Long-distance conflict

Jessica Rothschuh

“The primary concern of the United States is not a direct attack from North Korea,” said Esook Yoon, assistant professor of political science from South Korea. “North Korea could be the nuclear weapons discount market.”


U.S. Foreign Policy

“Our policy is to treat North Korea as an outlaw regime that is denying its citizens fundamental human rights while threatening its neighbors with a nuclear program it promised to disband 10 years ago,” said Steven Hook, associate professor of political science and specialist in U.S. foreign policy.

The Bush administration has three principles for dealing with North Korea’s nuclear weapons program, Yoon said.

n To continue to discuss the issue with North Korea but not negotiate

n To demand “complete, verifiable and irreversible dismantlement”

n To hold multilateral talks among the United States, China, Russia, Japan, South Korea and North Korea

Both Yoon and Hook agree it is unlikely the Unites States will use force or preemptive action against North Korea.

“I think this is one conflict the Bush administration wants to settle through diplomacy,” Hook said.


Economic and Social Climate

North Korea remains largely isolated from the rest of the world and therefore has a very unstable economy, as did most communist countries before it. It also is experiencing a natural energy crisis.

“China provides more than half of the energy supply to North Korea,” Yoon said. “The economic situation is really dreadful.”

International relief to North Korea started in the 1990s after the country’s economy collapsed and natural disasters led to widespread famine, Yoon said.

“A lot of North Korean people try to escape to China to find food or jobs or some money,” Yoon said. “It’s a really disastrous situation now.”

However, North Korea’s isolationist government has made it hard for its citizens to hear news from the Western world. Therefore part of the population is unaware of its hardships.

“It has one of the worst human rights records in the world,” Hook said. “The population is starving and has virtually no political freedoms.”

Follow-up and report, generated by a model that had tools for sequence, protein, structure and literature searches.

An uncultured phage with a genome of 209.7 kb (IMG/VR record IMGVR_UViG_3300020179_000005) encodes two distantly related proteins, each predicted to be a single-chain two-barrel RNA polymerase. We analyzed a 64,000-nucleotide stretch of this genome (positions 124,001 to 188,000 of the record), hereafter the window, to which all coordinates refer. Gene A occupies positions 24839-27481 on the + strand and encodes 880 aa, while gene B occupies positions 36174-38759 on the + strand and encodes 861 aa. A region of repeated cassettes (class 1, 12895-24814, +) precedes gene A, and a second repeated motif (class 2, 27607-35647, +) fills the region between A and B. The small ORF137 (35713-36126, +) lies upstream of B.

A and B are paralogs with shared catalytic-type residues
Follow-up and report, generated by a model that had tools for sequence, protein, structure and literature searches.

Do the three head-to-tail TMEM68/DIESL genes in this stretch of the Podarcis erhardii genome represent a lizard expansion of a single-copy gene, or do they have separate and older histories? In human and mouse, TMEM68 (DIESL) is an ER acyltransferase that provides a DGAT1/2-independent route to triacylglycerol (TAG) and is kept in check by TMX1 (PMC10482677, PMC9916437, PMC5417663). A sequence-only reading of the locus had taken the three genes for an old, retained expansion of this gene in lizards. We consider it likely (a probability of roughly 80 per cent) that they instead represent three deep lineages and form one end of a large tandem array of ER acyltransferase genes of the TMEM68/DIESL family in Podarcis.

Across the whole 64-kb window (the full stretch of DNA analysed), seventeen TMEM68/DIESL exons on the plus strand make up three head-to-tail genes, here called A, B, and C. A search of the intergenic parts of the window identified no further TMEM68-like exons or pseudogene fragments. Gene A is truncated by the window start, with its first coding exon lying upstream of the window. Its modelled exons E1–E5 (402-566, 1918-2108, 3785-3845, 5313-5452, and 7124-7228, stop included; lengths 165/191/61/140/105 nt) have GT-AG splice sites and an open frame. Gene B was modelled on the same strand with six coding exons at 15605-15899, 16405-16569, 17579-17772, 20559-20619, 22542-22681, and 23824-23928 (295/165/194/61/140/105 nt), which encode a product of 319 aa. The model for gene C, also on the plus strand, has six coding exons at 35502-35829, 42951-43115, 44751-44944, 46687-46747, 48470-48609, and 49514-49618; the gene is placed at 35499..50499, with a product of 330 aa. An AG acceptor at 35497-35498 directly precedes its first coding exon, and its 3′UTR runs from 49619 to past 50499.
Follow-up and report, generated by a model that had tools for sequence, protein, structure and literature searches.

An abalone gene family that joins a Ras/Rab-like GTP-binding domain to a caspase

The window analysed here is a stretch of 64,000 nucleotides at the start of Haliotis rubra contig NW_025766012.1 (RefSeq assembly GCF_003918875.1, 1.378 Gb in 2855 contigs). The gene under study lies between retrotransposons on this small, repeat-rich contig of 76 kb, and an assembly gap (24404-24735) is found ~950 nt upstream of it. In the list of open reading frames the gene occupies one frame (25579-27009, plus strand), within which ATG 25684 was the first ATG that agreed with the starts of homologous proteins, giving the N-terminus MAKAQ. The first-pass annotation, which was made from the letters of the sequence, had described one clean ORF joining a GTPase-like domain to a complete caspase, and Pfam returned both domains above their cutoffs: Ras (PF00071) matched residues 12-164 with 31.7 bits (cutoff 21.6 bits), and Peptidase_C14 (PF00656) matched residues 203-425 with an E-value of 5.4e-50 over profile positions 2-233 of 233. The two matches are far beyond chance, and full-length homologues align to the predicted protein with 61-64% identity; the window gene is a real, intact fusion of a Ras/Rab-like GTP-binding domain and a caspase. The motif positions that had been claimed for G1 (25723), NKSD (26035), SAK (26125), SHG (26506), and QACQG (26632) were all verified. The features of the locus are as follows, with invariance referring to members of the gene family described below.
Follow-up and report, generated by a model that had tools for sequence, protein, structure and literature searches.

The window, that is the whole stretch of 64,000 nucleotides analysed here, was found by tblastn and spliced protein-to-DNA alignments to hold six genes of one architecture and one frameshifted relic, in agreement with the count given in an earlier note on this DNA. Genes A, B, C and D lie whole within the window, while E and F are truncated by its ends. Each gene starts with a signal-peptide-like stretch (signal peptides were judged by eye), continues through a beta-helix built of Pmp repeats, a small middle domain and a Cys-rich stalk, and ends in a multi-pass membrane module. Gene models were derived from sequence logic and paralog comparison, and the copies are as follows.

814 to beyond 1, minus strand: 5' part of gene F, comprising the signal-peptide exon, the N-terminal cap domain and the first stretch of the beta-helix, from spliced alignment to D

The North Korean regime has “brainwashed their people to believe North Korea was heaven when it’s actually hell,” Yoon said.

To try to correct this lack of information, President Bush wants to find a communication channel to penetrate North Korea’s information barrier and provide its citizens with world news, Yoon said.

This channel may take the form of a radio broadcast launched from ship.

“By doing that, [the United States] can probably induce some kind of social discontent,” Yoon said. “That’s actually the long term, but probably better, plan.

“It’s a hideous regime and should be replaced.”

To further this aim, President Bush signed the North Korea Human Rights Act into law Oct. 18, 2004, according to a White House press release. Its goal is to improve the human rights situation in North Korea and aid refugees fleeing the country.


An Axis of Evil?

In his 2002 State of the Union Address, President Bush named North Korea part of the “axis of evil,” in addition to Iraq and Iran.

“He used that term because North Korea has a very repressive government,” Hook said. “It’s a government that has basically denied its citizens political freedom.

“The problem with this is that the notion of an ‘axis of evil’ is sort of an illusion because that implies that these countries are closely connected to each other. But Iraq, Iran and North Korea are not in any way a cohesive block or alliance.

“They have minimal contact with each other outside of their shared animosity toward the United States.”

Yoon agrees this term is problematic and said the United States should try to help the people of North Korea “rather than just pushing North Korea aside as an evil empire.”



North Korea became a communist dictatorship under founder Kim Il Sung at the end of the Korean War in 1953, after Korea split into North and South Korea. It is now controlled by Kim’s son, Kim Jong Il.

After the collapse of the Soviet Union in 1991, the United States expected North Korea to collapse because it was not receiving any international aid, and its economy was failing.

“North Korea decided to develop nuclear weapons in 1993 as a survival strategy,” Yoon said.

The Clinton administration held negotiations but failed to disarm North Korea.

“Clinton really expected that North Korea would collapse soon, like the Soviet Union [did],” Yoon said.

For this reason, the United States promised to provide economic and energy support it didn’t intend on delivering.

Neither side kept its part of the deal, Yoon said.

In 2002, the Bush administration sent James Kelly, assistant secretary of state for East Asian and Pacific affairs, to confront North Korea with evidence of another nuclear weapons program.

“So now this is what we call the second nuclear crisis,” Yoon said.


E-mail student politics reporter Jessica Rothschuh at [email protected].